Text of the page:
Are Starches The Sixth Taste? 20 Healthy Carbs To Test Scientists’ Discovery

Saltiness, sweetness, sourness, bitterness, umami … And starchiness? Scientists say they’ve found a sixth taste, according to a new study.

“I believe that’s why people prefer complex carbs,” said lead researcher Juyun Lim from Washington State University. “Sugar tastes great in the short term, but if you’re offered chocolate and bread, you might eat a small amount of the chocolate, but you’d choose the bread in larger amounts, or as a daily staple.”

bread Are starches actually the sixth sense? Photo courtesy of Pixabay

Lim and her team gathered 22 subjects, and had them sample a bunch of different solutions made up of different levels of carbohydrates. The subjects were asked to rate how each tasted.

“They called the taste ‘starchy,’” Lim said. “Asians would say it was rice-like, while Caucasians described it as bread-like or pasta-like. It’s like eating flour.”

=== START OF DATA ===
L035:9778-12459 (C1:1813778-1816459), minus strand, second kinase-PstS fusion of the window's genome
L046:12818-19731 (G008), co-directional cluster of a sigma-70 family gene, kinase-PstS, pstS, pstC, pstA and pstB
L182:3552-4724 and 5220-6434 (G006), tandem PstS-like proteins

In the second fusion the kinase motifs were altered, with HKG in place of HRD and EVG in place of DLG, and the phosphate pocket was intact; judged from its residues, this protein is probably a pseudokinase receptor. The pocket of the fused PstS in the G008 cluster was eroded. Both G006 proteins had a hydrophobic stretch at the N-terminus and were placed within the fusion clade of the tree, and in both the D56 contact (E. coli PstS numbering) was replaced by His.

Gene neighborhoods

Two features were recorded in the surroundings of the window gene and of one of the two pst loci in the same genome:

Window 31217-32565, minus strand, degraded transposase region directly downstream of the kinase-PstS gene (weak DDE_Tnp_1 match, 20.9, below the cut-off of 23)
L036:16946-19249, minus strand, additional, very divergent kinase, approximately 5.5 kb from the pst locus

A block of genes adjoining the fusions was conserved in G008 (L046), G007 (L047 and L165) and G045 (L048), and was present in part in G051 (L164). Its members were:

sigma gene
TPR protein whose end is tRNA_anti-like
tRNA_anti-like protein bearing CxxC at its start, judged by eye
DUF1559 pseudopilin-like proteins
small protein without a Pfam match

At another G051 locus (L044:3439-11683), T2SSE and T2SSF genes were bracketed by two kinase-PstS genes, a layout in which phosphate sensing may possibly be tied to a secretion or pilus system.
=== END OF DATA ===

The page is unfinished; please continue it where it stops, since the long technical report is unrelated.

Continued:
Before this research, scientists always assumed that we were experiencing a sweet taste when eating carbs. This is caused by enzymes from starch, which our mouths break down into simple sugars.

"Every culture has a major source of complex carbohydrate. The idea that we can’t taste what we’re eating doesn’t make sense," Lim explained.

Carbohydrates are the fruits, vegetables, sugars, breads, and pastas that provide your body with the energy it needs to function properly. So why do they get a bad rep? When you overeat them, the body starts storing most of the calories from the carbs instead of burning them off for energy. Refined carbs, which are the white breads and pastries dieters label the enemy, are absorbed quickly into the bloodstream, converted into energy, and carried into the correct cells by the hormone insulin.

Want to stay healthy and explore your newly-discovered taste? We’ve listed 20 starches to sample that are actually good for you, according to Ann Kulze MD.

Beans

Peas

Lentils

Corn

Winter squashes —  like butternut, acorn, kabocha, and pumpkin

Whole grains — including quinoa, brown rice, barley, bulgur and oatmeal

Whole wheat or multigrain pasta

Root vegetables —  like sweet potatoes, white potatoes, parsnips, turnips, rutabagas and yams

Read more:

How To Eat Carbs And Still Lose Weight: Resistant Starch Foods Improve Gut Bacteria

A Healthy Meal: Cooking And Cooling Pasta Changes Starch Quality To Cut Calories, Fat

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